Since rocking up in mainland Spain from Belgian side Club Brugge during the January transfer window, striker Cyle Larin has already repaid Real Valladolid’s trust in him with goals. Important goals.
Larin has won mid-tabling Valladolid four points in three games after netting winners in his first two appearances. In his third, he almost secured another 1-0 win, this time against Osasuna, but couldn’t quite force home an inviting cross in the latter stages. Still, not bad for someone who has barely played more than an hour of professional soccer in his new home, with all his cameos arriving off the bench.
The 27-year-old forward has World Cup experience for Canada and a dozen or so minutes in the Champions League for Brugge, where he has struggled to stamp his authority. With one of the best goals-per-minute records in the league at present, he certainly is now—although it remains early days in Castile and León.
On closer inspection, the Ontario-born man’s purple patch in purple isn’t repaying Valladolid much when you think about it. The Canadian joined the La Liga side for free, does not appear to feature among its top earners, and, as an initial loan signing, the club has virtually nothing to lose with him. His stay runs until the end of June with an obligation to move permanently (Spanish) for as little as €1.5 million ($1.5 million) reportedly—a convenient and probable outcome.
Valladolid has its sights on cementing a place in the league, and turning to Larin halfway through the season could prove key to achieving that. Staying in the top division means receiving more to spend on its squad from La Liga—with its superior status and CVC money—compared to the tier below. For Valladolid, a side showing defensive solidity lately, a clinical forward means more points and financial muscle in the long run.
It has a lot to play for and many to face. Despite being owned by Brazilian legend Ronaldo Nazario, Valladolid is one of the weaker forces in the field and risks falling into a relegation battle if results slip. As the competition hots up, its cluster of rivals seems set to range from Getafe and Valencia in the drop zone to Mallorca in the middle. It would require a remarkable turnaround for last-placed Elche to avoid demotion.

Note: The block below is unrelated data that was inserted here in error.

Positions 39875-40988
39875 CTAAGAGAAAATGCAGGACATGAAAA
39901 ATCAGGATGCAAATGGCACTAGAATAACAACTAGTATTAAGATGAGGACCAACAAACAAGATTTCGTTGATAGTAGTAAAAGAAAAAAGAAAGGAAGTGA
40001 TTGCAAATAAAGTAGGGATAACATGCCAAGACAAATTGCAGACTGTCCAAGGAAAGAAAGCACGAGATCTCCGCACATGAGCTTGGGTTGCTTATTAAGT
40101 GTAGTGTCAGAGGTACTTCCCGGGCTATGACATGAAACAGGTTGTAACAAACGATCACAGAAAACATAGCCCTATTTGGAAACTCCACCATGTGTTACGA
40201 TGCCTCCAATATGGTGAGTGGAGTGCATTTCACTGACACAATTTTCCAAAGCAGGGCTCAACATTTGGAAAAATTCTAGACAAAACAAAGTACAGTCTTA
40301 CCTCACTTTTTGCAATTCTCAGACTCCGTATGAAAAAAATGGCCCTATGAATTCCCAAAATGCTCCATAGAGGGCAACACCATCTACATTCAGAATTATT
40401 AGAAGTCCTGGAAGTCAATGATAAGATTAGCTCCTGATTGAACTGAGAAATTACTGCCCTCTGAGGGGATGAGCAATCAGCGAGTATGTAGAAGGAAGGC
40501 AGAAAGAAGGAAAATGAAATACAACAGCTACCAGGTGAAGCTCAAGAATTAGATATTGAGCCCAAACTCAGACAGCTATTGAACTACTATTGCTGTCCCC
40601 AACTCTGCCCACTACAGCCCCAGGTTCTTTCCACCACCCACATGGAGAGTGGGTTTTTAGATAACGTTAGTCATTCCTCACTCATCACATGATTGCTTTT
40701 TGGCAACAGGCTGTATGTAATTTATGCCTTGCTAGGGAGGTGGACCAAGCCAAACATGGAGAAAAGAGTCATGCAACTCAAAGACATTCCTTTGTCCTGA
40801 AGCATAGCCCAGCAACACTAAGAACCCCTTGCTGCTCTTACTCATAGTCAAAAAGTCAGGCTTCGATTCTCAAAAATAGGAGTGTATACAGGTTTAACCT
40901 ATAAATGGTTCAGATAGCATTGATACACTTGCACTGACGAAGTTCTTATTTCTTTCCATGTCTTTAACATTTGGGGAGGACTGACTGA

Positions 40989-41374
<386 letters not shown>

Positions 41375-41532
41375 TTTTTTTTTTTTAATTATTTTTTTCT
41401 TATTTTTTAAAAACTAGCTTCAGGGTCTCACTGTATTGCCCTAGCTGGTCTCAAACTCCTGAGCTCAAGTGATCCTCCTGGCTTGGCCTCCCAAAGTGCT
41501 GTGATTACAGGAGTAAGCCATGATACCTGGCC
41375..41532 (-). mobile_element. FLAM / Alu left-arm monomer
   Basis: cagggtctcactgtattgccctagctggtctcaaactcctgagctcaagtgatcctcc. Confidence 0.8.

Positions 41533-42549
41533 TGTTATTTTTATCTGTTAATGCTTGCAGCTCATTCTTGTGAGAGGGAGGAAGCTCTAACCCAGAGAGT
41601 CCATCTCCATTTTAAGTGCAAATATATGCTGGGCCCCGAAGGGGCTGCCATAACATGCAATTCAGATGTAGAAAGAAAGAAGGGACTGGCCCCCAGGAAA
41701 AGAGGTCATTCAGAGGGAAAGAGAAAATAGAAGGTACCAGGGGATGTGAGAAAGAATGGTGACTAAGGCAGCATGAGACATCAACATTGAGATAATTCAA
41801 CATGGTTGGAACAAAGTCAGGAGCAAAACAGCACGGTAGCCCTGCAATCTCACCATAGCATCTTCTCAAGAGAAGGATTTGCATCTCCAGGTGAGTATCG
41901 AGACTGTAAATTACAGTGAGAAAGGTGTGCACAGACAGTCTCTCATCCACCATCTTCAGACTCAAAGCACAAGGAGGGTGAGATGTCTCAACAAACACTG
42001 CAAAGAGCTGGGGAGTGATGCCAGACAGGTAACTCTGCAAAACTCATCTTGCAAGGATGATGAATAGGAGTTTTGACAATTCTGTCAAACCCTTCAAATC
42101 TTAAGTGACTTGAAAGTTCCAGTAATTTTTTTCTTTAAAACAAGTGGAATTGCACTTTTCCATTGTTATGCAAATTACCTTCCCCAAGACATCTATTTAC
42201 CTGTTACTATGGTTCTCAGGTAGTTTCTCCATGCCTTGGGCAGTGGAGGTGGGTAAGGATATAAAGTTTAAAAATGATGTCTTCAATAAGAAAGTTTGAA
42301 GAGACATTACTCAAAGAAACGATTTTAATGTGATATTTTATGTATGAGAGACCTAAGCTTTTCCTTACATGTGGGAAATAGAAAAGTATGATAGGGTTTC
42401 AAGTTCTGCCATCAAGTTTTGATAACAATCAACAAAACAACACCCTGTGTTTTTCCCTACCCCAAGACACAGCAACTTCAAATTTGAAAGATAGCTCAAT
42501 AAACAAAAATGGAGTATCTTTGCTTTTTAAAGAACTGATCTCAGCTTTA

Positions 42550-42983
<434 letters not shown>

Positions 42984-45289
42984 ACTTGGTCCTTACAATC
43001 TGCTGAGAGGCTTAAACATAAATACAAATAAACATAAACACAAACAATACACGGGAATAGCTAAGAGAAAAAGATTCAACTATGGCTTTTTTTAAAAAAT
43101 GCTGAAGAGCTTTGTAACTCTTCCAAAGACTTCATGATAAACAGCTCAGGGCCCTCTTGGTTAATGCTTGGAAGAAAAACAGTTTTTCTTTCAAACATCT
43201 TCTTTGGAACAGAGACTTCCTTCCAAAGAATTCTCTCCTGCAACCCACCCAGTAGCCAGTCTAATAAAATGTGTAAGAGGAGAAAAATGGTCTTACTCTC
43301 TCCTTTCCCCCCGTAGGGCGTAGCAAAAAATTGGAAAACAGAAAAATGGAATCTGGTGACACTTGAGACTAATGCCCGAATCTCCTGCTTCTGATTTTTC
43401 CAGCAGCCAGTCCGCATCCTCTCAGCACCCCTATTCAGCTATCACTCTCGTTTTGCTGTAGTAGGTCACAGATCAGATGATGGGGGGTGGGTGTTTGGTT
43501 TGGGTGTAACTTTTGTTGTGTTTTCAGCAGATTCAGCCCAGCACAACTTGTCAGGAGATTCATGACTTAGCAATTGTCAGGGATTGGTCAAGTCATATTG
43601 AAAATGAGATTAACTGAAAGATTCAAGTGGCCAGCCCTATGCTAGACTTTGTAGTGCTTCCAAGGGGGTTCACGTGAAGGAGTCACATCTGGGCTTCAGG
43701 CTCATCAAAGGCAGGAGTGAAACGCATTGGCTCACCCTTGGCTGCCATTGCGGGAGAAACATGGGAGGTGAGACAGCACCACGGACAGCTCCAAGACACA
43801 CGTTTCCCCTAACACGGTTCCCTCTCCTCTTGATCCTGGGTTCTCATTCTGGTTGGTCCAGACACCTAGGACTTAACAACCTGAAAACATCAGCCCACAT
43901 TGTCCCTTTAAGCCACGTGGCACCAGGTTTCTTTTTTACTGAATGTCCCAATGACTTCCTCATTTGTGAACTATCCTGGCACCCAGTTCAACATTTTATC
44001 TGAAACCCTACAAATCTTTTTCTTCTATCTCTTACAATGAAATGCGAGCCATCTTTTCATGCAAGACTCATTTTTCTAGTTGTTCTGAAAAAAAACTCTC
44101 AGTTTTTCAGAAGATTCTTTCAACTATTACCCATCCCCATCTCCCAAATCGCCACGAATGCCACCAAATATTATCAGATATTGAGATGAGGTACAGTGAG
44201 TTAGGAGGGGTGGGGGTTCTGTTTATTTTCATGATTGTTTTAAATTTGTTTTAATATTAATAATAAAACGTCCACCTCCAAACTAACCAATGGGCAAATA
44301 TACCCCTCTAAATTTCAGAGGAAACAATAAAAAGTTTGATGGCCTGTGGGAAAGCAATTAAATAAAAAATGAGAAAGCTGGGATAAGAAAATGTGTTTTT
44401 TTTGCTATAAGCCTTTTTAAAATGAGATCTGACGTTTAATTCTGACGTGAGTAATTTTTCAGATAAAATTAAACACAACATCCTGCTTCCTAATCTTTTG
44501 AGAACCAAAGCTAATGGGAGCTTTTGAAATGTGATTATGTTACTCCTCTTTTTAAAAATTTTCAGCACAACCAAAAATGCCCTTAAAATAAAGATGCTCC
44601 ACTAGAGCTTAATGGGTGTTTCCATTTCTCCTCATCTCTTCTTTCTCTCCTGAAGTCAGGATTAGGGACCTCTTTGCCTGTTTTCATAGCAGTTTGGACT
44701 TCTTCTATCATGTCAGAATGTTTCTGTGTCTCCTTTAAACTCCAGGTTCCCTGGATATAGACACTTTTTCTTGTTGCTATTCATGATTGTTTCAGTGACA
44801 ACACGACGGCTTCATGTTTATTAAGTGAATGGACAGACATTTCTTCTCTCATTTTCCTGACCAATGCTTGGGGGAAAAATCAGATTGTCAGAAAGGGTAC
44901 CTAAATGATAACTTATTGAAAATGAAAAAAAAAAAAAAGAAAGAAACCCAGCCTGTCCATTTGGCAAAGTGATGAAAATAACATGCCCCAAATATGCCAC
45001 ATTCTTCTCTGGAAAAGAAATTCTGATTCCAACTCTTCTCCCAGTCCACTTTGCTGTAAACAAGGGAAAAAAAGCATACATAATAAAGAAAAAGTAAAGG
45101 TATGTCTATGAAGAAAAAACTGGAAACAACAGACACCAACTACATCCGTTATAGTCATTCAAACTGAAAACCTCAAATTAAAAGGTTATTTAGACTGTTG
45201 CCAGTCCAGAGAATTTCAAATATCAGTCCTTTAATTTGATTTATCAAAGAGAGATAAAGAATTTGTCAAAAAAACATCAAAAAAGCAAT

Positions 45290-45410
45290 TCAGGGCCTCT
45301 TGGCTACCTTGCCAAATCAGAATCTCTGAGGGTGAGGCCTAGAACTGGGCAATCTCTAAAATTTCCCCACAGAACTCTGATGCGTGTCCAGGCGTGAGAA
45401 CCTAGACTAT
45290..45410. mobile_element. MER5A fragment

Regarding its sporting ambition, Valladolid has invested little compared to most around it and is happy to cash in on stars—like Mohamed Salisu and Marcos André. Its most expensive ever signing was another goalscorer, Shon Weissman, for just €4 million ($4.3 million) three years ago before it lent him to Granada. In Larin, it seems to have hit the jackpot, finding a financially viable solution in pursuit of survival.
The irony in all this revolves around Ronaldo. The Brazilian maestro turned businessman was a prolific forward during his playing days and, after taking up his executive role, has seen a team lacking offensively on the field. La Pucela has the joint lowest goals scored this term, alongside floundering Elche six positions below, despite creating sufficient opportunities in matches.
If coach Pacheta and his players can find the formula in attack, there will be a knock-on effect. Staying amongst the top 20 teams means majority stakeholder Ronaldo—who has admitted he will not be at Valladolid for a considerable amount of time—will likely stay put for longer or sell for an attractive offer. Falling down a level would see the reverse happen. That’s where Larin—a physical frontman—can play his part in keeping the club in capable hands.
His significance stretches wider, meanwhile. Larin and his Canada teammates endured a tough World Cup but have transformed the country’s fortunes on the international scene. Not only that, Larin is the only Canadian playing in La Liga and just the second countryman after Julian de Guzman for Deportivo over a decade prior. After a promising start, he can boost the city and his homeland’s soccer standing further. He already looks like a steal.
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